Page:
“She’s a good girl, but I can’t keep her,” Adam said, gesturing at his already 100-pound Rotty who was only a year old.  “I don’t know what to do, man.  I just can’t have both dogs at my place.  This breeder in New Jersey was supposed to pick her up thirty minutes ago, but now he’s not even answering his phone.”

“No, no, we know this dog!” Dave exclaimed.  “You can’t give her to a breeder.  We’ll take her for the weekend, find someone who will spay her and be good to her.  Right, honey?”

“Yes, definitely,” I replied, knowing it was a question with only one answer.  But even if I’d had a choice, I still would have agreed.  Sure, she stank, she jumped, she licked, and, to be honest, I thought she was ugly, but, as Dave said, we knew this dog.  We could take a weekend out of our lives to find her a loving home.  Plus, little Basil would go nuts over a house guest.

I should have known what I was getting into when I first saw the look on Dave’s face as he listened to Sarah’s story, but I’d never “fostered” a dog before and honestly believed it would be a two-day commitment.  By the end of the weekend, our decision to keep her came down to a moment when Dave and Basil were both looking at me with pleading eyes, and I just couldn’t say no.  I blame it on the honeymoon vibes.

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— ◊ —

My love vibes had vanished by the time the neighborhood usurpers moved in.  (more…)

A Message to White Progressives

We call ourselves progressive, but what are we actually doing to progress our society toward a more just and equal future?


Too many children across our country open their history textbooks to a page like the one pictured above. I understand that most parents want to protect their children’s innocence for as long as possible, but when we use language like “brought millions of workers” to teach our kids about this country’s history – about the way white people kidnapped people of color, stole them from their homes and forced them to work in brutal conditions for masters who committed horrible atrocities against them – we are not protecting our children’s innocence. We are not making them safer. We are not helping them. Instead, this language – this lie – is protecting, saving, and helping white supremacy. And in teaching these lies over and over, we have created generations of adults who don’t understand how our history connects to our present, how the fact that our country was established on the idea that white people are inherently better than everyone else means that our black and brown neighbors are still being systematically oppressed and murdered.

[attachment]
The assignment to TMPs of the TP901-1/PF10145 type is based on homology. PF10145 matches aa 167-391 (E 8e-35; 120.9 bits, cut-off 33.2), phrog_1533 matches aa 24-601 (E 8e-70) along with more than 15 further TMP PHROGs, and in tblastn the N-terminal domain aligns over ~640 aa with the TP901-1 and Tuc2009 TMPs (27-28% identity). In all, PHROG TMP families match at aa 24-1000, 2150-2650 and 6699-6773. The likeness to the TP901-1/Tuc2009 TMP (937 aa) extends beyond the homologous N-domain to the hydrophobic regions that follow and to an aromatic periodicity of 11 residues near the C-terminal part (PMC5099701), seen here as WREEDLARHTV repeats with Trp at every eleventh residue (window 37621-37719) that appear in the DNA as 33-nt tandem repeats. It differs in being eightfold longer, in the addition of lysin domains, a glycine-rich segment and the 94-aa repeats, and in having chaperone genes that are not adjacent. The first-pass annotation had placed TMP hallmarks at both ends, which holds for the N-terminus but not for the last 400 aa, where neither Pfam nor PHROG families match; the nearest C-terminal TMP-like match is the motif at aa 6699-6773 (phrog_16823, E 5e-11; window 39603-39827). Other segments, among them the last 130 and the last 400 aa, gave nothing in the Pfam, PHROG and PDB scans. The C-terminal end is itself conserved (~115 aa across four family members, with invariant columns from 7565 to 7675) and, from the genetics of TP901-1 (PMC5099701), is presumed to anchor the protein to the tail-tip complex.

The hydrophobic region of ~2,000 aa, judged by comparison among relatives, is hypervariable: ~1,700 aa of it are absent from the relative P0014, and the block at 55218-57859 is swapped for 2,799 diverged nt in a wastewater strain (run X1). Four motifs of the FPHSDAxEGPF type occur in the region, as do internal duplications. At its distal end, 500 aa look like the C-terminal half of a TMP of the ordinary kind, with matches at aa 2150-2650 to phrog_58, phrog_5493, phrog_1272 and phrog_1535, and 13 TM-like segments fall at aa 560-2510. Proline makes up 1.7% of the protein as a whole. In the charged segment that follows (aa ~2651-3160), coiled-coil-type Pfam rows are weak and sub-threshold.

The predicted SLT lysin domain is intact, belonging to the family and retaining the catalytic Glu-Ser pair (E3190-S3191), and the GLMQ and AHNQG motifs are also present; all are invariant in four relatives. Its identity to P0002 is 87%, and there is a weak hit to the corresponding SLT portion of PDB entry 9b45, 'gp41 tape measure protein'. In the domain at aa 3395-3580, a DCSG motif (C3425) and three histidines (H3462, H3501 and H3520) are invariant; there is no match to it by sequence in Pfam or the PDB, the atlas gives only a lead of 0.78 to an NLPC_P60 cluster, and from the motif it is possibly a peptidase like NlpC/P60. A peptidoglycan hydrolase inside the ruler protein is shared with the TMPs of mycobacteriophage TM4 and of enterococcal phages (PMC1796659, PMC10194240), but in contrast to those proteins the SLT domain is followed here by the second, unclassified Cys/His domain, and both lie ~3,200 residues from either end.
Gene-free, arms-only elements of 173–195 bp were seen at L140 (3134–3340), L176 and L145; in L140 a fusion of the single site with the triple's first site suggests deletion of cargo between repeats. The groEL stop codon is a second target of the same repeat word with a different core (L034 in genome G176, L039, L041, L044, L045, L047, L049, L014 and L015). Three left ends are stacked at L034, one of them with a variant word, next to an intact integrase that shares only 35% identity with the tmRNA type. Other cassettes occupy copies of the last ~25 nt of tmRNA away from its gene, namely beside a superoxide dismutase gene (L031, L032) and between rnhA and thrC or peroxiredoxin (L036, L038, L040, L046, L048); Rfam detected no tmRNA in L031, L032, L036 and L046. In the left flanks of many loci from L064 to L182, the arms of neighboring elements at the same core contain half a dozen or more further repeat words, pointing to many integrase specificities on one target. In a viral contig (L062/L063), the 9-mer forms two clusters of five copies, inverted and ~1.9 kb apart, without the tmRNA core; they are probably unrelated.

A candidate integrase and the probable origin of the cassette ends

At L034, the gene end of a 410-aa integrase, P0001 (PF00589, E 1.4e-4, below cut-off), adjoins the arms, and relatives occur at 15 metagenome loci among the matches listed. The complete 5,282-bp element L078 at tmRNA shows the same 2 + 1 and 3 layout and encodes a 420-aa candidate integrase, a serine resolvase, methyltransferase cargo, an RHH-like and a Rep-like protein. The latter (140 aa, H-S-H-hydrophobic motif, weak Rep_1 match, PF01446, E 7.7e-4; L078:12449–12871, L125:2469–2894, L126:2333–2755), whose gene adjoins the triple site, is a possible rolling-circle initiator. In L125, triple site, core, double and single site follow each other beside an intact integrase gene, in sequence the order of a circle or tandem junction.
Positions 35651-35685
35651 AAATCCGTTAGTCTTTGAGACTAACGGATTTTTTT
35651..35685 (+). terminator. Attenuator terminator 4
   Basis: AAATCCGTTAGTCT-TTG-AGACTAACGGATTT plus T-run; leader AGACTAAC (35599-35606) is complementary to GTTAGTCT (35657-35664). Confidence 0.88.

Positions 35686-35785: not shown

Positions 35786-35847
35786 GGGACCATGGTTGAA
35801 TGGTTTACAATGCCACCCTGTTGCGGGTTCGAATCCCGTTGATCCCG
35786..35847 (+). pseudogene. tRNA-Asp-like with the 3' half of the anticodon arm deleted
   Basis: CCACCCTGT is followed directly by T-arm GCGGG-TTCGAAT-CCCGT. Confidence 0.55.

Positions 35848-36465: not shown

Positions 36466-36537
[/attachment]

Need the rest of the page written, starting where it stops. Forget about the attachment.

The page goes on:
I’m not saying we need to share every gruesome detail with our eight-year-old kids. But we do need to tell them the truth in terms that they can process. Let’s start with “enslaved people” instead of “workers,” for example, and “stole” instead of “brought.” I understand the desire to present our children with a world full of peace and love, but instead of pretending like that’s true, let’s make it true. Right now, eight-year-old children of color are being forcefully separated from their parents. They are starving in cells where they’re held without reason. They are witnessing the violent shootings of their fathers and uncles, often committed by police officers who are supposed to be protecting them. Compared to this reality, using words like “enslaved people” and “stolen” when talking to young white children is nothing.